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From French pommade (“ointment”), from Italian pomata, from pomo (“apple”), as such ointments were originally made from apples, + -ata (“(collective)”) (English -ade). Pomo is in turn from Latin pomum.
- A greasy or waxy substance that is used to style hair, making it look slick and shiny.
- 1831, L[etitia] E[lizabeth] L[andon], Romance and Reality. […], volume III, London: Henry Colburn and Richard Bentley, […], OCLC 24531354, page 44:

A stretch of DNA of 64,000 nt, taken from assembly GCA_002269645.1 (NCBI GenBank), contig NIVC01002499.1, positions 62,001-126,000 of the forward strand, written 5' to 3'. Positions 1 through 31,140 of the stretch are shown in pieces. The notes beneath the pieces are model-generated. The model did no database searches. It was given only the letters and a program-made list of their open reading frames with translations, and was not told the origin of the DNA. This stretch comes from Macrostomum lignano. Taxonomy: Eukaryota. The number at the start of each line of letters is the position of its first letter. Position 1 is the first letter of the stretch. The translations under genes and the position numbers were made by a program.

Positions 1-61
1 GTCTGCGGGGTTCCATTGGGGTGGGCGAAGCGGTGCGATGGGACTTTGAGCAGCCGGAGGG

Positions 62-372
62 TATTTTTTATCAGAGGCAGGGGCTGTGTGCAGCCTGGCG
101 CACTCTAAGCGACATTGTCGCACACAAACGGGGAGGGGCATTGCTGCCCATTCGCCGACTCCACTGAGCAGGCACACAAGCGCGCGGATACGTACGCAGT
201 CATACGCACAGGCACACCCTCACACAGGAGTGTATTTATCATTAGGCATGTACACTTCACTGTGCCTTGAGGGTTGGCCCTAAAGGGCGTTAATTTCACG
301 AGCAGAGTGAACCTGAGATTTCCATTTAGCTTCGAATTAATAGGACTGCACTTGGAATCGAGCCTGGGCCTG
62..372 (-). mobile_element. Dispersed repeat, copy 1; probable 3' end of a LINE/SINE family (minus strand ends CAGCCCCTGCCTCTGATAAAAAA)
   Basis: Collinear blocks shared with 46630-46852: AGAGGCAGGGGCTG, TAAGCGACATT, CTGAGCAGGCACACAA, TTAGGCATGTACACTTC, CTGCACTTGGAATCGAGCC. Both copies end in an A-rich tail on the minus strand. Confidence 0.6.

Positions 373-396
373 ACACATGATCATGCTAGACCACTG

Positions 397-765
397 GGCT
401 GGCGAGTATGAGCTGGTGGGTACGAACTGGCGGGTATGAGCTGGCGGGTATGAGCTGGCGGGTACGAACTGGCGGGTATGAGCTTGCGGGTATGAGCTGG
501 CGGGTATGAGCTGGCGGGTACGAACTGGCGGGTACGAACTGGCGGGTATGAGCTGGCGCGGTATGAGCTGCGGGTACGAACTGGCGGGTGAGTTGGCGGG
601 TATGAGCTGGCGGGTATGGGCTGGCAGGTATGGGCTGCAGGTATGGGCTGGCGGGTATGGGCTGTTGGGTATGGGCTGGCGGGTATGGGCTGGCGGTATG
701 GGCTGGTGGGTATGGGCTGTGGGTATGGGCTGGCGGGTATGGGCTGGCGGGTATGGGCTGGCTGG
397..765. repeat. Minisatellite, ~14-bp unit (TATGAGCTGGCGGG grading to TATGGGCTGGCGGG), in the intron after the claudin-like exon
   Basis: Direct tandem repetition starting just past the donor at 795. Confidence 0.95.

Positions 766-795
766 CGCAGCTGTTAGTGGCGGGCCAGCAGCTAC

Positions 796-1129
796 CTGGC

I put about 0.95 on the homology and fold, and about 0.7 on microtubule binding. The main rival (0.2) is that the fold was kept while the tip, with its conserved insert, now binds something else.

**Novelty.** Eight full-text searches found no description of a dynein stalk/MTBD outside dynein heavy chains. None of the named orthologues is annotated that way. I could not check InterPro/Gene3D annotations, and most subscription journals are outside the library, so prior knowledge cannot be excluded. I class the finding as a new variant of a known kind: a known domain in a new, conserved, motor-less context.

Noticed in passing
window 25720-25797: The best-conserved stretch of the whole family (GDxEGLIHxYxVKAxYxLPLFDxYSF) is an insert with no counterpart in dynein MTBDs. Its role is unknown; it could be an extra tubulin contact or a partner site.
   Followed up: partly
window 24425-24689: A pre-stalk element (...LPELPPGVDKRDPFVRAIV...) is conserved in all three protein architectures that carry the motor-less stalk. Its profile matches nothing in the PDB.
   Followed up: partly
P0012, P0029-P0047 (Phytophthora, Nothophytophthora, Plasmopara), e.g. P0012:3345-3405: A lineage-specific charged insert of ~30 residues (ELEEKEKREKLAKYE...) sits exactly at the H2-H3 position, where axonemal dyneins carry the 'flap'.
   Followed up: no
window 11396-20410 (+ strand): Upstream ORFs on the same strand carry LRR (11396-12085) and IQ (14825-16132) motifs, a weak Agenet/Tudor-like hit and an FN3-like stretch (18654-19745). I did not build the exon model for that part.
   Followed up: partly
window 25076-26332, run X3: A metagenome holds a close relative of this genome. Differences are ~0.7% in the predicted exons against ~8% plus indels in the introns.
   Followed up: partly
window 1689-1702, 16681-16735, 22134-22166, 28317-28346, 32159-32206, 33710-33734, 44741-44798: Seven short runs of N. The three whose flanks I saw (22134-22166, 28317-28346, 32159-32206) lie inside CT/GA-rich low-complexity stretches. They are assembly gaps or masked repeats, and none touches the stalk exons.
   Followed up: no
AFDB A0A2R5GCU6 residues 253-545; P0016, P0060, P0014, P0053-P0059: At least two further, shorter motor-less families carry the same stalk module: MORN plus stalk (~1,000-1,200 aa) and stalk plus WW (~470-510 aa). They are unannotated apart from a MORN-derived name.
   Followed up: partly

- So saying, Lady Mandeville turned to the toilette, and mercilessly tied up in her handkerchief the various brushes, combs, oils, pomade, and rouge, with which the table was profusely covered.
- 2020, Abi Daré, The Girl With The Louding Voice, Sceptre, page 94:
- The rain beat my hair, run down my face and into my mouth so that I can taste the coconut oil pomade from my hair.
- (obsolete) Any medicinal ointment.
- (transitive) To anoint with pomade; to use pomade to style (hair).
- He pomaded his hair until it looked like a piece of shiny plastic.